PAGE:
According to Solveig Nielsen of the Danish Architecture Center, there's nothing rotten in perennially fresh Copenhagen.
I am standing in the Absolut Icebar Copenhagen, wearing a hooded parka that management assures me is dry-cleaned thrice weekly, contemplating the walls, bar, and furnishings, all of which are made from ice mined in Lapland. My confreres and I—–we resemble the cast of Nanook of the North—–are sipping guess what from oversize hollow ice cubes and questioning the bartender about whether or not his eight-hour shifts give him colds. (“Not so much anymore,” he replies grimly.) Peeling my lips from my glass, I wonder: Could this be Copenhagen?
Nej! In reality, the 800-year-old port is one of the world’s least pretentious, least trendy capitals. And thanks to its manageable size and pedestrian- and bicycle-friendliness, it’s among the easiest to explore. Most of Copenhagen’s medieval structures were lost to fires in the 18th century, but its historic center, which until the 1850s was segregated from its surroundings by ramparts, remains an exceptionally rich mix of architectural epochs. These include the Dutch Renaissance style promoted by the city’s great builder, Christian IV, which produced the remarkable “dragon tail” spire atop the Børsen; Frederik V’s rococo legacy, personified by Amalienborg Palace; and the classicism that arose following the English Navy’s 1807 bombardment, displayed notably in C. F. Hansen’s courthouse—–all unified by Strøget, the pedestrian street that runs from Radhuspladsen at the quarter’s western edge to Kongens Nytorv in the east.
There are also abundant touristic pleasures: important museums (though the region’s finest, the Louis-iana Museum of Modern Art, is up the coast in Humlebæk); a new opera house, designed by old master Henning Larsen, to be joined shortly by a new Royal Theater, from the leading-edge firm Lundgaard & Tranberg; gastronomic delights ranging from the ubiquitous smorrebrod sandwich to ten Michelin-starred restaurants; and, as befits a nation that produced Arne Jacobsen, Hans Wegner, and Poul Kjærholm, a great design center but a stone’s throw from Tivoli, the 164-year-old inspiration for Walt Disney’s Stateside theme park.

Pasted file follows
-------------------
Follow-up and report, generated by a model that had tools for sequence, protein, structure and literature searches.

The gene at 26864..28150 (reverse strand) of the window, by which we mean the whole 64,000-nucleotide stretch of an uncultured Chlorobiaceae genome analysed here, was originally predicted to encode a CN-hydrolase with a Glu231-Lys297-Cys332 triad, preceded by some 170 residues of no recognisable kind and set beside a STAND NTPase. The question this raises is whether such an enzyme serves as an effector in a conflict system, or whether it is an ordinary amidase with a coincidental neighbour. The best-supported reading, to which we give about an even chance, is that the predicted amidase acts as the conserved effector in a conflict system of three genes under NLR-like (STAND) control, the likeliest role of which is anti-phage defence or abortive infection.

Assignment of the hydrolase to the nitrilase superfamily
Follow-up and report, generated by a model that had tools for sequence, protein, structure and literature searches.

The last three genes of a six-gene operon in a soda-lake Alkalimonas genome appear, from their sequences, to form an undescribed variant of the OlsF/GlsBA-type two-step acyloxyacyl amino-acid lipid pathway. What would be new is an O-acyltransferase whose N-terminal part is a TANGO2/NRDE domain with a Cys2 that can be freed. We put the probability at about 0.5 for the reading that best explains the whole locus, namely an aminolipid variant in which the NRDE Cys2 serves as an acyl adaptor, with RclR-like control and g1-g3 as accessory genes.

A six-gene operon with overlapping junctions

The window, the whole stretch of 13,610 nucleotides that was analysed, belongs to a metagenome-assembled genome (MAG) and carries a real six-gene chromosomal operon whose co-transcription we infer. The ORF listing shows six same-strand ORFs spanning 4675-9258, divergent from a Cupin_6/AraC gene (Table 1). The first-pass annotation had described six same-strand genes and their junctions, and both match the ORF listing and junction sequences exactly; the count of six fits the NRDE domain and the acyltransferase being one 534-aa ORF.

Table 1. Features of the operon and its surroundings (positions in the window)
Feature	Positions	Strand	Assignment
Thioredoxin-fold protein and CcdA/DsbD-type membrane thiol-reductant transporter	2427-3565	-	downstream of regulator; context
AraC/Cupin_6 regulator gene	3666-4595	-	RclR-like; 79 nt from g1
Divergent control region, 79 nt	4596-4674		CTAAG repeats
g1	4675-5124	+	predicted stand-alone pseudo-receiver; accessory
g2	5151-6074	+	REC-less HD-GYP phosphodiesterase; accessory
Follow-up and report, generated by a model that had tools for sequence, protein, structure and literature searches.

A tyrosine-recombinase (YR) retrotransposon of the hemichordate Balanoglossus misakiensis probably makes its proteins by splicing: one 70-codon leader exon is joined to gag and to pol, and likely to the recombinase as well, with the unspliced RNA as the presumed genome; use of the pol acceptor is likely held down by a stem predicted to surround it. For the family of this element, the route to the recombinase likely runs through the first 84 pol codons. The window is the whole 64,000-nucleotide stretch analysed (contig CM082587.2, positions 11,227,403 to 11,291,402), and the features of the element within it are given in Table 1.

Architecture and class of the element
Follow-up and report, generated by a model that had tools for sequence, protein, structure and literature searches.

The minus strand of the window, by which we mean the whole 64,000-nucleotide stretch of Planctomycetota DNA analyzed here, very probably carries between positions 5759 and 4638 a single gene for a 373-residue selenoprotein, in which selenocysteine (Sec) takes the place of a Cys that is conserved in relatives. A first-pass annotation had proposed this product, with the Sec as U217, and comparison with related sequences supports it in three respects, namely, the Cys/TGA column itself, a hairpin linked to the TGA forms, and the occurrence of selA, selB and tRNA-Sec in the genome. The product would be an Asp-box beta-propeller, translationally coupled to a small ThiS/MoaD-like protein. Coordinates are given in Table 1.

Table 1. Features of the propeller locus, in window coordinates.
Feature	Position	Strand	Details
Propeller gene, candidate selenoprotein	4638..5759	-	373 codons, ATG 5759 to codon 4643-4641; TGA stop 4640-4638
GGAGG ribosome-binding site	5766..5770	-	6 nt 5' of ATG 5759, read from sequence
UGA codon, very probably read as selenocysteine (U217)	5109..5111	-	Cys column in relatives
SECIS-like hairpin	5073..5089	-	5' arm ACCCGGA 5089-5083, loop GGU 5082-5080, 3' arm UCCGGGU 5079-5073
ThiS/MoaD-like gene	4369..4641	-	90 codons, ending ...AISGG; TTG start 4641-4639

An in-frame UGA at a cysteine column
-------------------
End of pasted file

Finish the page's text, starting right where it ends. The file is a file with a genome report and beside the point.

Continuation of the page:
Yet Copenhagen’s character is intimate rather than monumental, and what ultimately impresses most are the vernacular buildings that give the multiple quarters variety and distinction: Christianshavn’s Dutch-inspired canal houses, the working-class apartment blocks of Vesterbro, and Holmen’s former naval structures.
Thus it’s no surprise that the architecture leading the capital’s postmillennial transformation is more about city-building than Bilbao-ization. And Copenhagen really is transforming. Consider Vesterbro: Fifteen years ago, Istedgade, one of the quarter’s major thoroughfares, was awash in prostitutes and drugs. Now the tiny student apartments have been combined into co-ops, latterias and boutiques have supplanted the sex shops, and street life is unmistakably boho-chic. (Let history, rather than your correspondent, judge this outcome.)
To find out more, I visit the Danish Architecture Center at its harborside headquarters in Christianshavn. The center’s mission, explains DAC project manager Solveig Nielsen, “is to show architecture as a way of developing cities and society.” She walks me through Copenhagen Changing, an exhibition chronicling major development in six different districts—–a midpoint snapshot of Copenhagen curated by Copenhagen X, the DAC’s ten-year project that surveys and communicates the roughly 80 new projects influencing the city now.